Savepoints

Savepoints provide a way to save to disk intermediate work done during a transaction allowing:

Savepoints make it possible to write atomic subroutines that don't make top-level transaction commitments.

Applications

To demonstrate how savepoints work with transactions, we'll show an example.

>>> import ZODB.tests.util
>>> db = ZODB.tests.util.DB()
>>> connection = db.open()
>>> root = connection.root()
>>> root['name'] = 'bob'

As with other data managers, we can commit changes:

>>> import transaction
>>> transaction.commit()
>>> root['name']
'bob'

and abort changes:

>>> root['name'] = 'sally'
>>> root['name']
'sally'
>>> transaction.abort()
>>> root['name']
'bob'

Now, let's look at an application that manages funds for people. It allows deposits and debits to be entered for multiple people. It accepts a sequence of entries and generates a sequence of status messages. For each entry, it applies the change and then validates the user's account. If the user's account is invalid, we roll back the change for that entry. The success or failure of an entry is indicated in the output status. First we'll initialize some accounts:

>>> root['bob-balance'] = 0.0
>>> root['bob-credit'] = 0.0
>>> root['sally-balance'] = 0.0
>>> root['sally-credit'] = 100.0
>>> transaction.commit()

Now, we'll define a validation function to validate an account:

>>> def validate_account(name):
...     if root[name+'-balance'] + root[name+'-credit'] < 0:
...         raise ValueError('Overdrawn', name)

And a function to apply entries. If the function fails in some unexpected way, it rolls back all of its changes and prints the error:

>>> def apply_entries(entries):
...     savepoint = transaction.savepoint()
...     try:
...         for name, amount in entries:
...             entry_savepoint = transaction.savepoint()
...             try:
...                 root[name+'-balance'] += amount
...                 validate_account(name)
...             except ValueError, error:
...                 entry_savepoint.rollback()
...                 print 'Error', str(error)
...             else:
...                 print 'Updated', name
...     except Exception, error:
...         savepoint.rollback()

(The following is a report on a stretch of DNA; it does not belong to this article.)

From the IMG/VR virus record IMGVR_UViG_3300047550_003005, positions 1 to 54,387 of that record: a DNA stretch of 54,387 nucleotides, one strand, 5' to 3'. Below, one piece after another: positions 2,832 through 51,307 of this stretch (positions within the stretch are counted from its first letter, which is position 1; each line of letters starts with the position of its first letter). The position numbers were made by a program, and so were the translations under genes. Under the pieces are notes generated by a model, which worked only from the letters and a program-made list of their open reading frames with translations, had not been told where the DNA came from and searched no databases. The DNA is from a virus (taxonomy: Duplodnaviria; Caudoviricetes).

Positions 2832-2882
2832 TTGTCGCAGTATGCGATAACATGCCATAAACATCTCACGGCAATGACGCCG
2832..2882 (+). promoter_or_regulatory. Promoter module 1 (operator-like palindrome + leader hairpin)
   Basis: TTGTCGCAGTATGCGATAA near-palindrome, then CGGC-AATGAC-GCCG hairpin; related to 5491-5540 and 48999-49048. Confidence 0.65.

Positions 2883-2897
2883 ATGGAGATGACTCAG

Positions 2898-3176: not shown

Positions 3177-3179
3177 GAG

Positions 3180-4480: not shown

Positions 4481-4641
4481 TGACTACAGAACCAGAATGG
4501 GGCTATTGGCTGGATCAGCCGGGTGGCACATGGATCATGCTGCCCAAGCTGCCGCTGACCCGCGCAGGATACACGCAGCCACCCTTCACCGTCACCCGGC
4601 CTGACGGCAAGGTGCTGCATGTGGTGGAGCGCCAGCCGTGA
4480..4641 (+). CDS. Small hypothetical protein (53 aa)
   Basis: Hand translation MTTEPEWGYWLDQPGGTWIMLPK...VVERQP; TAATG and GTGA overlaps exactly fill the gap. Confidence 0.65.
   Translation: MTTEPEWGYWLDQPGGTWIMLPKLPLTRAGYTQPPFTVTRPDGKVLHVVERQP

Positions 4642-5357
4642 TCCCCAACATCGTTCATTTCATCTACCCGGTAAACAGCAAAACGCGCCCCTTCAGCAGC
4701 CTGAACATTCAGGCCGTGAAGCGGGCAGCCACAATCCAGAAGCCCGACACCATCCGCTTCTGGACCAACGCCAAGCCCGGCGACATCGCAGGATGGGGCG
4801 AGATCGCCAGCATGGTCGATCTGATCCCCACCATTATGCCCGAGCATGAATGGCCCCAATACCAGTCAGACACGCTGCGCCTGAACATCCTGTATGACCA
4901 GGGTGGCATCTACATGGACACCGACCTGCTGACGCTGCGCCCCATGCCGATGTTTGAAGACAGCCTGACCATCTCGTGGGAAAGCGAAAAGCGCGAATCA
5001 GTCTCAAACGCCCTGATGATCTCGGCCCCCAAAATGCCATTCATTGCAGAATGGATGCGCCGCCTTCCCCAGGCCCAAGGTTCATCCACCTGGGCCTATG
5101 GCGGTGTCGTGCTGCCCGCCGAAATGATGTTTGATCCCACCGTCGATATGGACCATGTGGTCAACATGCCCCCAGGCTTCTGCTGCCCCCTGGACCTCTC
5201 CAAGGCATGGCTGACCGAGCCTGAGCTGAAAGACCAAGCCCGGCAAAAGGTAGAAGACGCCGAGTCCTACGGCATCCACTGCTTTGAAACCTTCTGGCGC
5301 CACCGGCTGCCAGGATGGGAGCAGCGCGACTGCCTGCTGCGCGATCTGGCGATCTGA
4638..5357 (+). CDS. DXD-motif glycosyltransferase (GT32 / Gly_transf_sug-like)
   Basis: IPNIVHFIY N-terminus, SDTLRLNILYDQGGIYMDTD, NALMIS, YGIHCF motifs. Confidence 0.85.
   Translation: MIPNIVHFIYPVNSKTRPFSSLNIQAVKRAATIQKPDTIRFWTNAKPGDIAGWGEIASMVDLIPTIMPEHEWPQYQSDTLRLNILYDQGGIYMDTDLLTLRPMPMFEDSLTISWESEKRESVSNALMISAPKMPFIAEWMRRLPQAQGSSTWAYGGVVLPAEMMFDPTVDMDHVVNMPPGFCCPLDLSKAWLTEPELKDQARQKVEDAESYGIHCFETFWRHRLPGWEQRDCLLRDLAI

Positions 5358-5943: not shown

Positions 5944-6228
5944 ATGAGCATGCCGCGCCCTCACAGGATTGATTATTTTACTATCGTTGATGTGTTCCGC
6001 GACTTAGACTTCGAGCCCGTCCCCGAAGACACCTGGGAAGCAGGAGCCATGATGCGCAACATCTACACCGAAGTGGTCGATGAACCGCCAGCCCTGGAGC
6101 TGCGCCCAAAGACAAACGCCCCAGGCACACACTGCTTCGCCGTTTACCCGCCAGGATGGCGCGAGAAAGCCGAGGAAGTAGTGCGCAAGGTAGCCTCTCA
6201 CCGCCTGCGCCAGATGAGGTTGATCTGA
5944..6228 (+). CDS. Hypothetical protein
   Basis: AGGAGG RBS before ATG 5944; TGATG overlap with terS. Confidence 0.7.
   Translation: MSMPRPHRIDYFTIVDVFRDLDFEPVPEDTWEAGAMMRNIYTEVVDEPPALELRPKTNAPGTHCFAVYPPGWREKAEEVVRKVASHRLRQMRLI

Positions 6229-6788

...         print 'Unexpected exception', error

Now let's try applying some entries:

>>> apply_entries([
...     ('bob',   10.0),
...     ('sally', 10.0),
...     ('bob',   20.0),
...     ('sally', 10.0),
...     ('bob',   -100.0),
...     ('sally', -100.0),
...     ])
Updated bob
Updated sally
Updated bob
Updated sally
Error ('Overdrawn', 'bob')
Updated sally
>>> root['bob-balance']
30.0
>>> root['sally-balance']
-80.0

If we provide entries that cause an unexpected error:

>>> apply_entries([
...     ('bob',   10.0),
...     ('sally', 10.0),
...     ('bob',   '20.0'),
...     ('sally', 10.0),
...     ])
Updated bob
Updated sally
Unexpected exception unsupported operand type(s) for +=: 'float' and 'str'

Because the apply_entries used a savepoint for the entire function, it was able to rollback the partial changes without rolling back changes made in the previous call to apply_entries:

>>> root['bob-balance']
30.0
>>> root['sally-balance']
-80.0

If we now abort the outer transactions, the earlier changes will go away:

>>> transaction.abort()
>>> root['bob-balance']
0.0
>>> root['sally-balance']
0.0

Savepoint invalidation

A savepoint can be used any number of times:

>>> root['bob-balance'] = 100.0
>>> root['bob-balance']
100.0
>>> savepoint = transaction.savepoint()
>>> root['bob-balance'] = 200.0
>>> root['bob-balance']
200.0
>>> savepoint.rollback()
>>> root['bob-balance']
100.0
>>> savepoint.rollback()  # redundant, but should be harmless
>>> root['bob-balance']
100.0
>>> root['bob-balance'] = 300.0
>>> root['bob-balance']
300.0
>>> savepoint.rollback()
>>> root['bob-balance']
100.0

However, using a savepoint invalidates any savepoints that come after it:

>>> root['bob-balance'] = 200.0
>>> root['bob-balance']
200.0
>>> savepoint1 = transaction.savepoint()
>>> root['bob-balance'] = 300.0
>>> root['bob-balance']
300.0
>>> savepoint2 = transaction.savepoint()
>>> savepoint.rollback()
>>> root['bob-balance']
100.0
>>> savepoint2.rollback()
Traceback (most recent call last):
...
InvalidSavepointRollbackError
>>> savepoint1.rollback()
Traceback (most recent call last):
...
InvalidSavepointRollbackError
>>> transaction.abort()